Opening Up A Wall

 
Thread Tools Search this Thread Display Modes
Old 02-08-2010, 03:00 PM   #1
Member
 
rakuz66's Avatar
 
Trade: carpentry
Join Date: Mar 2008
Posts: 40
Rewards Points: 25

Opening Up A Wall


Here's what I want to do. I have a 32" opening from my dining room into my living room. I'd like to put in a set of 6' French Doors in it's place. So, I obvioulsy need to open up the opening in the wall. The wall in question runs paralell with floor joists underneath,( under floor joists is crawl space) and is perpendicular to the celing joists above. Is this a load bearing wall? THere is empty attic space above. It is stick built house w/ ceiling joists and rafters. The only thing it is supporting is the c.joists.

Last edited by rakuz66; 02-08-2010 at 03:04 PM.
rakuz66 is offline  

Warning: The topics covered on this site include activities in which there exists the potential for serious injury or death. ContractorTalk.com DOES NOT guarantee the accuracy or completeness of any information contained on this site. Always use proper safety precaution and reference reliable outside sources before attempting any construction or remodeling task!

   
 

Old 02-08-2010, 03:16 PM   #2
I no spell good
 
angus242's Avatar
 
Trade: No Longer Zoned
Join Date: Oct 2007
Posts: 20,079
Rewards Points: 2,028

Re: Opening Up A Wall


I don't think looking for structural answers via the internet is the best way to get your answer. Consider getting a qualified person on site to make the call.

__________________
Angus
angus242 is offline  
Old 02-08-2010, 03:27 PM   #3
"Pro"
 
Ayerzee's Avatar
 
Trade: Construction Engineering Student
Join Date: Jan 2009
Location: Malvern, OH
Posts: 628
Rewards Points: 500
Send a message via AIM to Ayerzee

Re: Opening Up A Wall


I'll echo Angus
__________________
Dan
Ayerzee is offline  
Old 02-08-2010, 03:56 PM   #4
SEMI RETIRED
 
griz's Avatar
 
Trade: General Contractor
Join Date: Nov 2009
Location: CA
Posts: 12,683
Rewards Points: 2,292

Re: Opening Up A Wall


Same as the guys above.
You need someone qualified to
look at the situation & evaluate it.
griz is offline  
Old 02-08-2010, 04:06 PM   #5
Pro
 
genecarp's Avatar
 
Trade: LI,NY designer, new homes, renovation work, concre
Join Date: Mar 2008
Location: Long Island, NY
Posts: 5,425
Rewards Points: 2,000

Re: Opening Up A Wall


Does the wall run parralel, with cieling joists above? GMOD
__________________
genecarp is offline  
Old 02-08-2010, 04:12 PM   #6
Pro Framer Dude
 
Warren's Avatar
 
Trade: framing/remodeling
Join Date: Feb 2005
Location: NE Ohio
Posts: 6,456
Rewards Points: 1,049

Re: Opening Up A Wall


Go down in the crawl space and see if there is any thing holding up the wall. Even if there isn't though, the wall may still be needed to hold up those ceil joists. Do you have access in the attic too? Are the ceiling joists spliced at this wall? What is the size and span of these ceiling joists? Help us help you! Get the facts first and then see if we can help. Some pics would be nice too.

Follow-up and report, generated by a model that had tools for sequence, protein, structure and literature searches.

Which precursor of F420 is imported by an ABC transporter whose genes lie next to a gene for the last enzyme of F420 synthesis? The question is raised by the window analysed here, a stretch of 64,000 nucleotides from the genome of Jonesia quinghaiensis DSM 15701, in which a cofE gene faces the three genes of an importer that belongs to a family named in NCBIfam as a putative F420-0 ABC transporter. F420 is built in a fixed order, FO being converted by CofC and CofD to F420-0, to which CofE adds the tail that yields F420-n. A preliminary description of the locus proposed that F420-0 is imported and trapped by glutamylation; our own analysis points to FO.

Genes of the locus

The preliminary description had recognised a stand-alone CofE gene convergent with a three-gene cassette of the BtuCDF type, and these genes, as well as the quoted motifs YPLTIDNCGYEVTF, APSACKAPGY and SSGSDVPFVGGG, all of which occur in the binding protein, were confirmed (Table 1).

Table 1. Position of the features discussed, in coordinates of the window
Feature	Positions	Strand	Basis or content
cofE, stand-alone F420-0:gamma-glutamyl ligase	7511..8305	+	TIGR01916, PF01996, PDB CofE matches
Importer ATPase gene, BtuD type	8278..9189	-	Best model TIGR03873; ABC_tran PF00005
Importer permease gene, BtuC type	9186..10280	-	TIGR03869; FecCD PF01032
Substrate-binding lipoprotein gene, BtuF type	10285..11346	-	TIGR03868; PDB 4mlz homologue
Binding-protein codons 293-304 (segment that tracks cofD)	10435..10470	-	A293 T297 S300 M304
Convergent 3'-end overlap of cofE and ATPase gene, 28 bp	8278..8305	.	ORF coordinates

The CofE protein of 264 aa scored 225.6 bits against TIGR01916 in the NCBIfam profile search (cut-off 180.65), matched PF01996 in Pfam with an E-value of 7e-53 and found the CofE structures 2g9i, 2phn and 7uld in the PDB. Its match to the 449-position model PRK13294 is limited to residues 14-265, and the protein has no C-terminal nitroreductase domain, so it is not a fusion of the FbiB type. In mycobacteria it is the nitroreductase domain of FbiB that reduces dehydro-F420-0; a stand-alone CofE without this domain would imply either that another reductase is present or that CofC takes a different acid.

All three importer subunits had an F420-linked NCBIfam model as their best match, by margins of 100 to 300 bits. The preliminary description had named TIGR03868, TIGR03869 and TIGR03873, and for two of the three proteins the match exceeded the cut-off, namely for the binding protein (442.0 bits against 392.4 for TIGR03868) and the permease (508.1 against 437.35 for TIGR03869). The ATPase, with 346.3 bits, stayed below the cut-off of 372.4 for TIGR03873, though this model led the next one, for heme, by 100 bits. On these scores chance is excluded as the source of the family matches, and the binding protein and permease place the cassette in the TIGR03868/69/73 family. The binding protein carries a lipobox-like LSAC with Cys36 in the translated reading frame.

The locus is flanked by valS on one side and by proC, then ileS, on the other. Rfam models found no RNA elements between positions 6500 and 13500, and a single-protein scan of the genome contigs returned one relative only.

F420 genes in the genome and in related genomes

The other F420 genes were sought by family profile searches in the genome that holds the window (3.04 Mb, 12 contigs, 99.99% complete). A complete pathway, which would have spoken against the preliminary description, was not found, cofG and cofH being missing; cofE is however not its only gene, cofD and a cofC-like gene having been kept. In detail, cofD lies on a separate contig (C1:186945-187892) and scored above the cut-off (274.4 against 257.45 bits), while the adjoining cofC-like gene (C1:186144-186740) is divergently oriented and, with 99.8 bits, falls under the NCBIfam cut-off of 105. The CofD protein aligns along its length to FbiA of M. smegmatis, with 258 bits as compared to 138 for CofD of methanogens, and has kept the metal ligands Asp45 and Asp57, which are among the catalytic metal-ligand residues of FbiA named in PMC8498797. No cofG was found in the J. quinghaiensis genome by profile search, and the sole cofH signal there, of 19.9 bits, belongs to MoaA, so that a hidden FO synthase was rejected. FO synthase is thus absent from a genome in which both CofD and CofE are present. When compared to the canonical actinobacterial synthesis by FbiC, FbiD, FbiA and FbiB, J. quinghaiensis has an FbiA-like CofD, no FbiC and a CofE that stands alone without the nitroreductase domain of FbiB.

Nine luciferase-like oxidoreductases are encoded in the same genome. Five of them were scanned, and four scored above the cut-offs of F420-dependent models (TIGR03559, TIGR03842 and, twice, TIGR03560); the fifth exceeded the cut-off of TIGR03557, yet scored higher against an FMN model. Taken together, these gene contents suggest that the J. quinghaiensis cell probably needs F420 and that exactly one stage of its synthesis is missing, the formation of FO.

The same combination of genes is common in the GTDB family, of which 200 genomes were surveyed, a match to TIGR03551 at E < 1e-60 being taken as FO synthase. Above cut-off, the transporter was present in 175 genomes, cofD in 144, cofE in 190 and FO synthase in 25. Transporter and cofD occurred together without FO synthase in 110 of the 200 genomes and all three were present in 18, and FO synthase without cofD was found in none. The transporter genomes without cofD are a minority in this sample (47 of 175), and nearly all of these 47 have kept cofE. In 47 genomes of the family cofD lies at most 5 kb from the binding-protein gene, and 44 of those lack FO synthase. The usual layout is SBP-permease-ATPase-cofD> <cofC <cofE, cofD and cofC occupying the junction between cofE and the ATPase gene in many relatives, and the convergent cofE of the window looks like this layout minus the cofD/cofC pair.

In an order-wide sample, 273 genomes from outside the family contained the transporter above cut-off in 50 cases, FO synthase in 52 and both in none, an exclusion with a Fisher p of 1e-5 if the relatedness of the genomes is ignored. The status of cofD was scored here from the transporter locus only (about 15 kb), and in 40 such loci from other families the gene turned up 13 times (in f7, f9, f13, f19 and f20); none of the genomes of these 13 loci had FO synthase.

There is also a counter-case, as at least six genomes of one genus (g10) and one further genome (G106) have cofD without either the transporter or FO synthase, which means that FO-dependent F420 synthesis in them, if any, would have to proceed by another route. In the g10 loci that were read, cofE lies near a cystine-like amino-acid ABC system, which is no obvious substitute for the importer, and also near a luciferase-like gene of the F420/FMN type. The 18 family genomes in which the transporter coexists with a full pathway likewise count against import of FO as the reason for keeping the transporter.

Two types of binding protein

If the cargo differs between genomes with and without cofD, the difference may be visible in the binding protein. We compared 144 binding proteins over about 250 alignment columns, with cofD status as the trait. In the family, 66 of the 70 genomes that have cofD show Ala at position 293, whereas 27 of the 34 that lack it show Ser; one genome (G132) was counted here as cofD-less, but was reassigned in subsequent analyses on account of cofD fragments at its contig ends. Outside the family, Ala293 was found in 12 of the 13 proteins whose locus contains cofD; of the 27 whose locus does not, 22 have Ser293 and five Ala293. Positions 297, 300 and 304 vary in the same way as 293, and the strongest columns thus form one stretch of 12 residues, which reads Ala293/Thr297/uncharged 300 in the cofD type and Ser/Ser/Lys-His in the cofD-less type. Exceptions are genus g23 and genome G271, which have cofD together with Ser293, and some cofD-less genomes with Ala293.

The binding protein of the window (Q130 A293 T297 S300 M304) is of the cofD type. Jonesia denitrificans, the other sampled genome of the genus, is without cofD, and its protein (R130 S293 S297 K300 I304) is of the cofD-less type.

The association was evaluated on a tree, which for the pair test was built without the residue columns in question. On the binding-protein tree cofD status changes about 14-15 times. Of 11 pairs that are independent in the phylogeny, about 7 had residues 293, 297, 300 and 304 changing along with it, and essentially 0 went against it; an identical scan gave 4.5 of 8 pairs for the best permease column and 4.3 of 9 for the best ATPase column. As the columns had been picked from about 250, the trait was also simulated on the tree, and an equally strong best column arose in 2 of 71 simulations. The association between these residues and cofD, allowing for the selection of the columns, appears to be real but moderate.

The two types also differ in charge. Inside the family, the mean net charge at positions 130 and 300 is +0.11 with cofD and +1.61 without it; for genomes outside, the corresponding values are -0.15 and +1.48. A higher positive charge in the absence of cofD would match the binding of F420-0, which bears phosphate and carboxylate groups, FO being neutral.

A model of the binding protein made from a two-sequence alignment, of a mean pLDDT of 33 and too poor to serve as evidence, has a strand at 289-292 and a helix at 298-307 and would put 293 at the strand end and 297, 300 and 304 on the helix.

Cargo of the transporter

__________________
There are some good mods out there.But a lot of them are just double wides with lipstick

WNC Viking
Warren is offline  
Old 02-08-2010, 05:02 PM   #7
Rory Read
 
Rory Read's Avatar
 
Trade: Basements, Excavation, Waterproofing and Finishing
Join Date: Feb 2010
Location: Portland, OR
Posts: 29
Rewards Points: 25

Re: Opening Up A Wall


Get into the crawl and use a string or level to see if the parallel floor joists closest to the wall in question are sagging more than the joists in the middle of the room, further away from the wall. In an old house, if they are bending more than the others, that's a strong sign the wall is bearing weight, whether it was intended to or not.

Google AWC Floor Joist Span Calculator. After measuring your floor and ceiling joists, use the form to see if the joists are capable of spanning the room with and without the aid of the interior wall.

Theoretically, it sounds like, and don't take my permission to take my word for it, you are just shifting the weight distribution along the floor joists, and as long as your new door doesn't weigh a ton, you would be ok as far as the floor goes.

In reality, stuff happens. If I was doing this in a client's home, I would make sure my new header can easily carry the ceiling joists and I would consider whether there is any possible need to sister joists, and or add posts or beams in the crawl space to carry that wall. Because once I touch it, I own it.

Kind of like when you touch it, you own it, as opposed to those of us offering up the proverbial 2 cents, who will be happy to offer you advice as to how to fix a collapsed roof as well.

Cheers,

R
Rory Read is offline  
Old 02-08-2010, 06:47 PM   #8
Member
 
rakuz66's Avatar